The trial of a 22-year-old man accused of killing the owner of a Merced Filipino restaurant began Wednesday in Merced County Superior Court with the prosecution presenting its opening statement to jurors.
Evan Lovett is accused of bludgeoning Benjamin Munsayac, 49, to death on Feb. 20, 2012. Lovett has pleaded not guilty to a charge of first-degree murder with special circumstances.
The prosecution alleges Lovett killed Munsayac with the claw end of a hammer because the victim owed him money.
Deputy District Attorney Steven Slocum, the prosecutor in the case, presented jurors Wednesday with an overview of some of the key evidence against Lovett.
Lovett's attorney, William Davis, told Judge Ronald Hansen he would reserve his opening statement until later during the trial.
Davis on Wednesday said he didn't want to speak in depth about the trial, saying he'll wait to see the witnesses for the prosecution. "There are some unreliable people involved," Davis said. "And we'll respond to it."
The evidence outlined by the prosecution includes some scratches on Lovett's face when he was arrested by Merced police. Slocum said an expert from the Department of Justice is expected to testify that DNA found under the victim's fingernails matched Lovett's DNA profile.
Slocum also said the defendant's clothes were covered in blood the evening he was arrested. Those clothes were sent to a Department of Justice lab in Ripon, and Slocum said an expert will testify the blood matches Munsayac's.
Munsayac was co-owner of Traditional Filipino Cuisine in the Raley's Shopping Center, and he also had a business as a caregiver. He employed the defendant in his caregiving business from December 2011 until January 2012, according to Slocum.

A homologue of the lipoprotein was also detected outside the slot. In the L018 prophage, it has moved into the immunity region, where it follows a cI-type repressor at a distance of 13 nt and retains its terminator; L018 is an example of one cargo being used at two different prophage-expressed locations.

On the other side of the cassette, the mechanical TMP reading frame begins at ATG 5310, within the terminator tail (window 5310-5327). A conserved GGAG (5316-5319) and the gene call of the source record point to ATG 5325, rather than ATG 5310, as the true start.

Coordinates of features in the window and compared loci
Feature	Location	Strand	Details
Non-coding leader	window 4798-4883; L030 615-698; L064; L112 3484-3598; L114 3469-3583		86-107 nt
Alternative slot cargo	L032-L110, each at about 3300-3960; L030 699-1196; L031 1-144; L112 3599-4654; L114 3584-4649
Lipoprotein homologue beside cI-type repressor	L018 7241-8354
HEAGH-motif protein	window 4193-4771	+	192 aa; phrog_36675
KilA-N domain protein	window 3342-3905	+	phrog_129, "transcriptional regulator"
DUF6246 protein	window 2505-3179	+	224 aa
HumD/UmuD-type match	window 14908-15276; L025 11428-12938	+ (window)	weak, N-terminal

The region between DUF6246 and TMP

Lovett told police during interviews he felt Munsayac had owed him money. Slocum said the prosecution believes Lovett entered Munsayac's East Main Street home and then strangled and beat him with a hammer "until he finally smashed Benjamin's skull and killed him," Slocum said.
On Wednesday, Slocum also showed jurors a photograph of Munsayac's body as it was found, lying bloodied in the closet area of the home, his eyes wide open.
Police claim that after the killing the defendant stole Munsayac's Chrysler Pacifica and fled the home. He drove to the Gateway Motel on 16th Street. At the motel, he told some acquittances that he'd killed someone and wanted to flee to Mexico, Slocum said.
According to police, Lovett left the motel in the victim's car, but didn't get far, crashing into a canal near Delong Street and Childs Avenue.
He fled the crash scene, the prosecution said, but was spotted by a Merced police officer while trying to cross the southbound lanes of Highway 99. Police found him hiding in oleander bushes.
When Detective Chris Russell asked Lovett about the blood on his clothes, the defendant claimed he was standing in a field and observed a car crash. Lovett claimed he saw three men flee the car and one of them approached pulling a gun.
Lovett claims he was forced to trade clothes with the gunman. "And while he was changing clothes, this man was wiping blood all over the defendant," Slocum said.
Slocum said the defendant also gave that explanation to his mother during a telephone call. When she told her son that he was "in a lot of trouble," Lovett claimed she'd "driven him" to commit the crime.
During another phone call, Slocum said, the defendant also tried to say someone else killed Munsayac, and that he'd only taken the victim's car keys.
The special circumstances attached to the murder charge include committing a robbery during a murder, committing a burglary during a murder and committing murder by means of torture.
The trial is expected to take two weeks. Lovett remains at the Merced County Jail. If convicted, he faces a maximum sentence of life without parole.